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First light - mixed feelings


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Hi folks, tonight was the first night using my new skyliner 200p DOB, i have to say it was full of highs and lows, Having allowed a good hour cool down time i decided to start getting a feel for the scope by looking at the moon, i started with the 25mm ep, this gave me good views and allowed me to focus in and out to get used to the focuser, which i found very smooth, the views were great, i then switch to the 10mm ep, i was blown away by the detail, i was able to nudge around the moon looking at different areas, which was great practice nudging the Dob,all was well and got even better when i switched my attention to Saturn, i used the finder to slew round to have a look, i focused in, then put the 10mm ep in, the view was outstanding, i could clearly see the rings, it was a definate WOW moment, and then things started to go down hill, i lost Saturn when i over nudged, i tried finding it again, got saturn in the cross hairs in the finder scope, went back to the ep but no Saturn, from this point on the finder scope kept changing its alignment, i went to and fro so many times i had to pack up because of severe backache and neck ache, i found the finder scope an absolute nightmare to use, the first thing im going to buy is a right angle finder scope, the second thing im going to do is build a plinth for the scope to stand on, the back and neck ache is'nt something i want to repeat, in conclusion, i thought the views that i did get were great, the scope is going to make me very happy, i just need to iron out a few niggles, thanks for reading this, clear skies. Dave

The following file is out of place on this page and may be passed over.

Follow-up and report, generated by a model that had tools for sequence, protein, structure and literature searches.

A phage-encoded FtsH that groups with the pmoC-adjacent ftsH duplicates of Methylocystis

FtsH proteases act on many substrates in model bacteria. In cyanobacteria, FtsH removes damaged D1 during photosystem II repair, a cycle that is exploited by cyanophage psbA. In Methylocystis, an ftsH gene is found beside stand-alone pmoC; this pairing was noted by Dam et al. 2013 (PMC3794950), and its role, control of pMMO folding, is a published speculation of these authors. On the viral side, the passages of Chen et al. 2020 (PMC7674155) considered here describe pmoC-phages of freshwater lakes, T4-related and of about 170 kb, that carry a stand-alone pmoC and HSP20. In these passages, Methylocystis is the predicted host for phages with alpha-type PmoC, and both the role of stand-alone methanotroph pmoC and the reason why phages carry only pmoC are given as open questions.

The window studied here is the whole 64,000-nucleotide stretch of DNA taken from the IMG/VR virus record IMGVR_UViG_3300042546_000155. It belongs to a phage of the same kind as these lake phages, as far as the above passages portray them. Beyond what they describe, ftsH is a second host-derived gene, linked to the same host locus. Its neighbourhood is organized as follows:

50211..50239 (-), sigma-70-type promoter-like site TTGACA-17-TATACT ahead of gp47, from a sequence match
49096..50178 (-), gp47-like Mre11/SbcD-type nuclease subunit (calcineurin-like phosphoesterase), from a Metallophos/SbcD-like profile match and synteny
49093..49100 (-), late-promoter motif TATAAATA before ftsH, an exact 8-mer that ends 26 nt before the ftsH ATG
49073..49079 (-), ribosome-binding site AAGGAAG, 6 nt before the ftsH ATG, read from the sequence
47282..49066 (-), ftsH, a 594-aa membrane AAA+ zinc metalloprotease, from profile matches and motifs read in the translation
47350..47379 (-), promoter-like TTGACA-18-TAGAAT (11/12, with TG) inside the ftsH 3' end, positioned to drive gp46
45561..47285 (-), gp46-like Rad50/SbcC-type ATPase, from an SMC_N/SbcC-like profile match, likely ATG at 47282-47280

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sounds like maybe your finder scope wasn't seated properly between its 3 pins, so the slightest touch moved it. Also, they're not really accurate enough to consistently get a small object like saturn within a 10mm eyepiece. A larger finder might help.

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j have a bad back, a Telrad and a raci , they are a god send. However they all need to be accurately set if you want to locate an object in a 10mm. Good luck, it'll be worth it.,

Bart

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tel rad for a dob is must or a good RDF a sturdy homemade plinth makes your viewing so much nicer my friend had the same issue with his and once the plinth was made it was alot easier on de old back as for the finder there ok but can be a pain when trying to find stuff straight up thats were a RA finder is very handy, but you got a great scope to get you going just hang in there and you will be rewarded pick up a good star atlas and a red torch too :(

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Once you lose your target it's a good idea to go back to your lowest mag EP and work back up from there.

As has been said, getting a finder scope set up to be accurate for a 10mm EP is tricky.

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I would recommend a Telrad. Easy to align, easier to use. When I combine it with an iphone planetarium app that has the option to use the Telrad circles in it, there's no target I can't find that is visible in my scope. It's such a simple thing, but works brilliantly. I was going to get a RACI finder as well, but after putting the Telrad in I found no need tbh.